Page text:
Aspartic proteinase genes in the Brassicaceae Arabidopsis thaliana and Brassica napus

Aspartic proteinase genes in the Brassicaceae Arabidopsis thaliana and Brassica napus Active aspartic proteinase is isolated from Brassica napus seeds and the peptide sequence is used to generate primers for PCR. We present here cDNA and genomic clones for aspartic proteinases from the closely related Brassicaceae Arabidopsis thaliana and Brassica napus. The Arabidopsis cDNA represents a single gene, while Brassica has at least 4 genes. Like other plant aspartic proteases, the two Brassicaceae enzymes contain an extra protein domain of about 100 amino acids relative to the mammalian forms. The intron/exon arrangement in the Brassica genomic clone is significantly different from that in mammalian genes. As the proteinase is isolated from seeds, the same tissue where 2S albumins are processed, this implies expression of one of the aspartic proteinase genes there. http://www.deepdyve.com/assets/images/DeepDyve-Logo-lg.png Plant Molecular Biology Springer Journals

Aspartic proteinase genes in the Brassicaceae Arabidopsis thaliana and Brassica napus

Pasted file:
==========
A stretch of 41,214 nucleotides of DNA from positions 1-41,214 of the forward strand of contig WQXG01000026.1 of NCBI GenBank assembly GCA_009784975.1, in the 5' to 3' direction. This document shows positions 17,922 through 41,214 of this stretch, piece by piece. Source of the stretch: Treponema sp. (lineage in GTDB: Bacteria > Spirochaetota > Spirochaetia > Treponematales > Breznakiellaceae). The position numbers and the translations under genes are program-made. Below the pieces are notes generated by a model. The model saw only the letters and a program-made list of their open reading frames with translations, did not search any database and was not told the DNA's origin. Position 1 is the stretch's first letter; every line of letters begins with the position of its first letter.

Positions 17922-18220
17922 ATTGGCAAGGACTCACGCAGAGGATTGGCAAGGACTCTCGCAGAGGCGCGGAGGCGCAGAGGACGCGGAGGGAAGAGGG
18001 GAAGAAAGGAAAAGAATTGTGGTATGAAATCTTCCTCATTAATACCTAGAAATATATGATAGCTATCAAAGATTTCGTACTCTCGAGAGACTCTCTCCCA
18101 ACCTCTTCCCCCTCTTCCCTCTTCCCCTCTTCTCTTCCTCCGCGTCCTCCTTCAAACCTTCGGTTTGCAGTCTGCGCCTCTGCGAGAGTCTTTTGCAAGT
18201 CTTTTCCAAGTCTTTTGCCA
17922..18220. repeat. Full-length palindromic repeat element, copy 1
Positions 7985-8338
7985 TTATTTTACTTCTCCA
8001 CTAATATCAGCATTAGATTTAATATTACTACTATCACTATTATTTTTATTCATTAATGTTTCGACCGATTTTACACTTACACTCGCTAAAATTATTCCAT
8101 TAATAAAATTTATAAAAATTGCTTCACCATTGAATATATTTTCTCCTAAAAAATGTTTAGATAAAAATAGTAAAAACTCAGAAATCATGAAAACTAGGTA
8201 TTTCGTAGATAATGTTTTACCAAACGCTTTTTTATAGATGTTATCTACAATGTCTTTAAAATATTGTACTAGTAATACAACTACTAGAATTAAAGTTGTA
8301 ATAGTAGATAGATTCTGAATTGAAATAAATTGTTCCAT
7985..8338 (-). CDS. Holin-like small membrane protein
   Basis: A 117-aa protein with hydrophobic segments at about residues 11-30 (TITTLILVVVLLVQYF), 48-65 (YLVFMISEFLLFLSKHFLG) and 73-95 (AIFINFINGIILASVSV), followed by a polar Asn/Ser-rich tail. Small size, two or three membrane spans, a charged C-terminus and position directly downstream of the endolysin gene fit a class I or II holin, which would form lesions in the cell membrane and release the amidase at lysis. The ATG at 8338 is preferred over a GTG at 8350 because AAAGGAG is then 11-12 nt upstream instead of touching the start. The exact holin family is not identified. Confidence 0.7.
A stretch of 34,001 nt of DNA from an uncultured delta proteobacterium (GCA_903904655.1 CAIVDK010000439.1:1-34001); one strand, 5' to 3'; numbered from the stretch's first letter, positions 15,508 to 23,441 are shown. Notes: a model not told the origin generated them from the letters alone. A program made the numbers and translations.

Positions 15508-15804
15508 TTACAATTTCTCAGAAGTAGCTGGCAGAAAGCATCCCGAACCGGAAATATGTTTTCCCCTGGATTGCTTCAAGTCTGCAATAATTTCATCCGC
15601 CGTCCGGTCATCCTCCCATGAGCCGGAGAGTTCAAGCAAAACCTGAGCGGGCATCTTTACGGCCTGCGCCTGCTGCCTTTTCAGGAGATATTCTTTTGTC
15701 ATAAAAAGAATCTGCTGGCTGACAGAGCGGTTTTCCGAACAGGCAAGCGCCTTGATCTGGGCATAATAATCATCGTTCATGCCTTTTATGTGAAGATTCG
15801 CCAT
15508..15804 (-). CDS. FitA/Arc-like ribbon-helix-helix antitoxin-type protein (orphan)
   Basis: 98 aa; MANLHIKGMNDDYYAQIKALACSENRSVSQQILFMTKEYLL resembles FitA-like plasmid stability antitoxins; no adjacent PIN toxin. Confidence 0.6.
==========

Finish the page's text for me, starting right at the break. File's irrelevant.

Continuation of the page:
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Publisher
Kluwer Academic Publishers
Copyright
Copyright © 1997 by Kluwer Academic Publishers
Subject
Life Sciences; Biochemistry, general; Plant Sciences; Plant Pathology
ISSN
0167-4412
eISSN
1573-5028
D.O.I.
10.1023/A:1005794917200
Publisher site
See Article on Publisher Site

Abstract

Active aspartic proteinase is isolated from Brassica napus seeds and the peptide sequence is used to generate primers for PCR. We present here cDNA and genomic clones for aspartic proteinases from the closely related Brassicaceae Arabidopsis thaliana and Brassica napus. The Arabidopsis cDNA represents a single gene, while Brassica has at least 4 genes. Like other plant aspartic proteases, the two Brassicaceae enzymes contain an extra protein domain of about 100 amino acids relative to the mammalian forms. The intron/exon arrangement in the Brassica genomic clone is significantly different from that in mammalian genes. As the proteinase is isolated from seeds, the same tissue where 2S albumins are processed, this implies expression of one of the aspartic proteinase genes there.

Journal

Plant Molecular BiologySpringer Journals

Published: Sep 29, 2004

References

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